• $\begingroup$ @DavidMulder The centaur could have built the bridges for their own use and jumped over smaller gaps, meaning that they would be far less useful for humans. Additionally the artificial bridges would be in the centaur-controlled areas and not extend all the way to the human lands. $\endgroup$ – Tim B Nov 21 '14 at 9:43
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    $\begingroup$ It could be impossible to cross it if the forest was so huge, it would be like crossing a desert. $\endgroup$ – dyesdyes Nov 21 '14 at 11:17
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The woodland on the hill behind my house (Forestry Commission, managed forest, spruce and fir) suffered greatly in the big storm of 2005. I heard of an anemometer further north that recorded 146mph ... then blew away. About half the trees, in great swaths, in the more exposed places, blew over, with a domino effect whereby one tree going increased the pressure on its neighbours.

You'll cross the first fallen trunk - there's nowhere to go but the next, higher, and the next after that, until soon you're 30 feet in the air with no (forward) way down. Treetrunks criss-crossing, almost woven into impenetrable 30 foot fences. And the next stand is almost untouched, but the stand after that is flattened again.

Get down safely and you're back where you started.

The forest's well-nigh impassable.

But could fire do that? It could perhaps weaken the trees. Or, if hot enough, (encouraged by a good wind) it could build a firestorm as happened during the bombing of cities in WW2, generating high windspeeds to do the real damage. I don't want to link to descriptions of these firestorms, they are quite harrowing reading.

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  • $\begingroup$ This is a much better solution then a fire, because it leaves a tangle of trunks and branches that makes it impenetrable. $\endgroup$ – user3106 Nov 21 '14 at 13:02
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Nearby active volcano? Either employ actual lava burning a swathe through the forest and leaving essentially a wall of rock treacherous terrain with the ground cracking underfoot into huge volcanic caverns or magma tubes. Or have the volcano semi-active, poisoning water with sulphur compounds, lethal out-gassing, heat causing evaporation or even burning the trees from the roots up. Could even make the ground in some areas too hot to walk on for months or even years.

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  • $\begingroup$ This is good and practical $\endgroup$ – James Nov 20 '14 at 20:07
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    $\begingroup$ To add to this: Have gaseous buildups frequently sending dirt and lava flying like sparks, igniting what little regrowth is actually happenning. It's not uncommon for active volcanoes to "spit" every now and then as pressure builds up. $\endgroup$ – Robotnik Nov 21 '14 at 4:00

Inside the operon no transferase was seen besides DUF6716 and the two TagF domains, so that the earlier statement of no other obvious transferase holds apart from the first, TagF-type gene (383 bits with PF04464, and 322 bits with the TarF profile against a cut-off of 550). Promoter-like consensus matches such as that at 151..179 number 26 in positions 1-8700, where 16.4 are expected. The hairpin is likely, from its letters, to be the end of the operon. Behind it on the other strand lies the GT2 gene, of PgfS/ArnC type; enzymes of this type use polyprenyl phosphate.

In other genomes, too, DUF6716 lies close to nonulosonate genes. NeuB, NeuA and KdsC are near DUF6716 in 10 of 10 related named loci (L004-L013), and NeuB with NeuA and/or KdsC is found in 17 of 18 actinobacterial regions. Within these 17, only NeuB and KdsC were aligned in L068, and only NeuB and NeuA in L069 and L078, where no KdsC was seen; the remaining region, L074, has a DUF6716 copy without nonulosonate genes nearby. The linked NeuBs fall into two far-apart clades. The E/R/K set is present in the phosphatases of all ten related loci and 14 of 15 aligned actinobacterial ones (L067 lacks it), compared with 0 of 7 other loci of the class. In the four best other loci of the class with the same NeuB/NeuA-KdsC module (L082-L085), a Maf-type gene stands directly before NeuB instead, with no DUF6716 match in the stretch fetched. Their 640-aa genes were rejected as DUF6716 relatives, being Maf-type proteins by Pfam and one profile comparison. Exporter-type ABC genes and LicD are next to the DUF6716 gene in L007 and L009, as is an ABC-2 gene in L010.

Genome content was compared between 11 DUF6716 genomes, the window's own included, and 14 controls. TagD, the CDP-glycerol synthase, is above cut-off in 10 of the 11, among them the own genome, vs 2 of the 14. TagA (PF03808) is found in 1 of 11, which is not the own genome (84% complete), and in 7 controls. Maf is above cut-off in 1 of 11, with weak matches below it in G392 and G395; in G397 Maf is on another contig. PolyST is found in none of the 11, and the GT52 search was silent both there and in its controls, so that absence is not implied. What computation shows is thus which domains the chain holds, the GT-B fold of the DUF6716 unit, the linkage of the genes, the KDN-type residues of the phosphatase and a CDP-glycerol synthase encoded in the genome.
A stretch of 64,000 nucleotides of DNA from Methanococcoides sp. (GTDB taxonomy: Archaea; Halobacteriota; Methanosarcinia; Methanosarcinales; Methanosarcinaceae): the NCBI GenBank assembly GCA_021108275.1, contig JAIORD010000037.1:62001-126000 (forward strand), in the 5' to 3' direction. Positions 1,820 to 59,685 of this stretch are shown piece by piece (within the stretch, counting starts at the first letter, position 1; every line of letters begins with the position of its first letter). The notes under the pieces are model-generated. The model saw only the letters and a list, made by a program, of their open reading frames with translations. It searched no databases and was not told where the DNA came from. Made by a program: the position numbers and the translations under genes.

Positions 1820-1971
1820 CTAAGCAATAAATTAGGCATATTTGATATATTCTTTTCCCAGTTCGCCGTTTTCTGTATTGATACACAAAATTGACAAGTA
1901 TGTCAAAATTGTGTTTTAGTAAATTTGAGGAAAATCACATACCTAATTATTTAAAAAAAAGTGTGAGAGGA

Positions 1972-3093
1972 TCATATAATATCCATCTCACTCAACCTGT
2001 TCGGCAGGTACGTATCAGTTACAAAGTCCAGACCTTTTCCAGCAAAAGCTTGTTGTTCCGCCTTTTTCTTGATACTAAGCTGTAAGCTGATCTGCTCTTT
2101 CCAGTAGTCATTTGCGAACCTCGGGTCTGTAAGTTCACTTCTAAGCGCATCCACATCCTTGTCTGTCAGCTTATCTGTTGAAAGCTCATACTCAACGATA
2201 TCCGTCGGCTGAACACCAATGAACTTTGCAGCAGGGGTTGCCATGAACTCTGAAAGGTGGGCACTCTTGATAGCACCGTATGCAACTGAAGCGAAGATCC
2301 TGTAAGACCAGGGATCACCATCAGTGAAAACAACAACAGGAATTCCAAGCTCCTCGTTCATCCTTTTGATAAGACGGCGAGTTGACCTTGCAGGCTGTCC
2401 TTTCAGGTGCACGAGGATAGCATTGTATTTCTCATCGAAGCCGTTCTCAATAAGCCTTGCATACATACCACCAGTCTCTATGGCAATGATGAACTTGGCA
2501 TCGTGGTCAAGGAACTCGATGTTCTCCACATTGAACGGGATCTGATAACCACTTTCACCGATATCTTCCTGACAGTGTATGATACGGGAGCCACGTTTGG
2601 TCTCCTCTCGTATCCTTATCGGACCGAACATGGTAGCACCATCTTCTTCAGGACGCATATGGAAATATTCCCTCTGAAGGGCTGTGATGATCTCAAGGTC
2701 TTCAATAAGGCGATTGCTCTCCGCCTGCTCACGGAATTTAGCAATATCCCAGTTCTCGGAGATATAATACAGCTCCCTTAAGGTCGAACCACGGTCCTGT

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There's probably only a single scenario I can think of that would make a forest impassable from any forest fire, regardless of the catalyst.

There's a real-life phenomena that occurs when a forest fire reaches a certain size and temperature it requires a massive amount of oxygen to keep feeding it.

What happens is that the amount of oxygen being gathered to feed the fire will actually uproot the trees due to extreme winds and leave them on their sides. Like a pile of matches or toothpicks.

Similar to what you would see if a bomb went off.

I can't remember what term is used to describe it.

That timber laying on the ground is similar to dead fall and is extremely difficult or impossible to traverse without great effort. The trees when thrown to the ground in this manner usually don't burn entirely and will mostly loose some of their exposed branches instead.

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Instead of a big meteor which would possible cause a Extinction Event, small meteors which would barely reach the surface could still develop enough destruction and would give an awesome light show of which storys can tell for decades.
Meteors can bring in lots of toxic materials. If the world passes through a stream of meteorites which carry lots of these materials (Sulfur, Arsenic ect.), they would be brought into the atmosphere and/or ground, causing acidic rain and similar events. Nice sideeffect is that this is not immediatly lethal, so some of the centaurs could escape. One could even imagine radioactive materials, though they would probably very longliving, otherwise they wouldn't have reached your world in the first place. Have it rain once or twice to bring the material underground and you have a toxic wasteland.

Depending on your intentions, this is extremly difficult to remove. If the ground is simply widespread acidic, humans and centaurs can bring out akalic materials to counter the effect. The cost-to-use-ratio would still be horrible, but if humans and centaurs are really determined...

Radioactive materials are another case though. While I'm no nuclear scientist, the actinoide group doesn't look too bad. They have a long enough half-life to reasonably reach your planet, but seem still active enough to pose a threat. The disadvantage is that you can do absolutly nothing against it.